chapter  54
DAVID MASSON, ‘Thackeray’, Macmillan’s
WithMagazine, February 1864
Pages 9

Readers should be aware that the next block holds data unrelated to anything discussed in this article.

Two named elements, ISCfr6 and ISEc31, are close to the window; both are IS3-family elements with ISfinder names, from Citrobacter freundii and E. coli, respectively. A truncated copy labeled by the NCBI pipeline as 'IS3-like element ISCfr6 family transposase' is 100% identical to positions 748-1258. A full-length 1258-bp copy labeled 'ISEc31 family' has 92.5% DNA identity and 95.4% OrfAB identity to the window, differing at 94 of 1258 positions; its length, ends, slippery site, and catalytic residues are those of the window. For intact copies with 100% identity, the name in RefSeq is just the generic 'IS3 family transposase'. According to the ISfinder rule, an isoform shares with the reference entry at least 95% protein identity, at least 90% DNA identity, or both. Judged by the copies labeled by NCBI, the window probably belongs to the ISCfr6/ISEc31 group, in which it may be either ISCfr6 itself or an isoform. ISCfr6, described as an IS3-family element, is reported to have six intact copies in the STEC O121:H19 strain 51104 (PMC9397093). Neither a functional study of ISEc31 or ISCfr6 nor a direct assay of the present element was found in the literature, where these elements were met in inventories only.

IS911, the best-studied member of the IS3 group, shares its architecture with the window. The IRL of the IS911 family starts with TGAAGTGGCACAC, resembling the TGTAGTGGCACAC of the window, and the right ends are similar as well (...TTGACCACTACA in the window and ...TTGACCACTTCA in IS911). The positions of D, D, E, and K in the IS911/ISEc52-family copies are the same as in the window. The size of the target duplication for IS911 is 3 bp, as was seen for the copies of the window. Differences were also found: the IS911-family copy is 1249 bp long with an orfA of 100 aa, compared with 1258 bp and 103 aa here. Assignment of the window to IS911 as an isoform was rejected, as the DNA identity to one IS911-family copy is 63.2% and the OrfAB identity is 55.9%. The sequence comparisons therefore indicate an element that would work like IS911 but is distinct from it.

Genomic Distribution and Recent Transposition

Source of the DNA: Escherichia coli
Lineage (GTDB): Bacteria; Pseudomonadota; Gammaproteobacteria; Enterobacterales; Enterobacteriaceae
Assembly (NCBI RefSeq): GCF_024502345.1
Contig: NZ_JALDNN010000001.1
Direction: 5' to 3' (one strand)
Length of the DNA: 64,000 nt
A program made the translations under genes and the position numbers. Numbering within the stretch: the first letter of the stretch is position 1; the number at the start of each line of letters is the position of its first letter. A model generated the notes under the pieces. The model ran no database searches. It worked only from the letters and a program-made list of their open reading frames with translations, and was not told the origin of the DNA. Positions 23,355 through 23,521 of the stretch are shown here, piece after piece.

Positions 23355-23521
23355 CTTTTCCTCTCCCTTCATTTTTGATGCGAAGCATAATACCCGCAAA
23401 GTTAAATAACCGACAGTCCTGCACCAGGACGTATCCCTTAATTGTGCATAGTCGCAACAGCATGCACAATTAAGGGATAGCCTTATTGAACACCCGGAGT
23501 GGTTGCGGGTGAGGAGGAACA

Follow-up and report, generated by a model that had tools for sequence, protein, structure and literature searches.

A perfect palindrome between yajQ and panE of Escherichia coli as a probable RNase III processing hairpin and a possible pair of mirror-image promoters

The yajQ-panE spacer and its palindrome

High upon the hill-side at Simla, there will stand soon a group of English, Scotch, and Irish gentlemen, looking over the great plain below, and remarking to one another how much the prospect had changed lately, and how the grey-brown jungle has been slowly supplanted by the brilliant emerald green of the cotton plant, and by a thousand threads of silver water from the irrigation trenches. They will be hoping that Lawrence will succeed poor Lord Elgin,1 and that he will not be sacrificed in that accursed Calcutta; they will be wondering how it fares with Crawley. Then a dawk will toil up the hill-side with the mail; and in a few minutes they will be saying, ‘Lawrence is appointed; Crawley is acquitted; but poor Thackeray is dead.’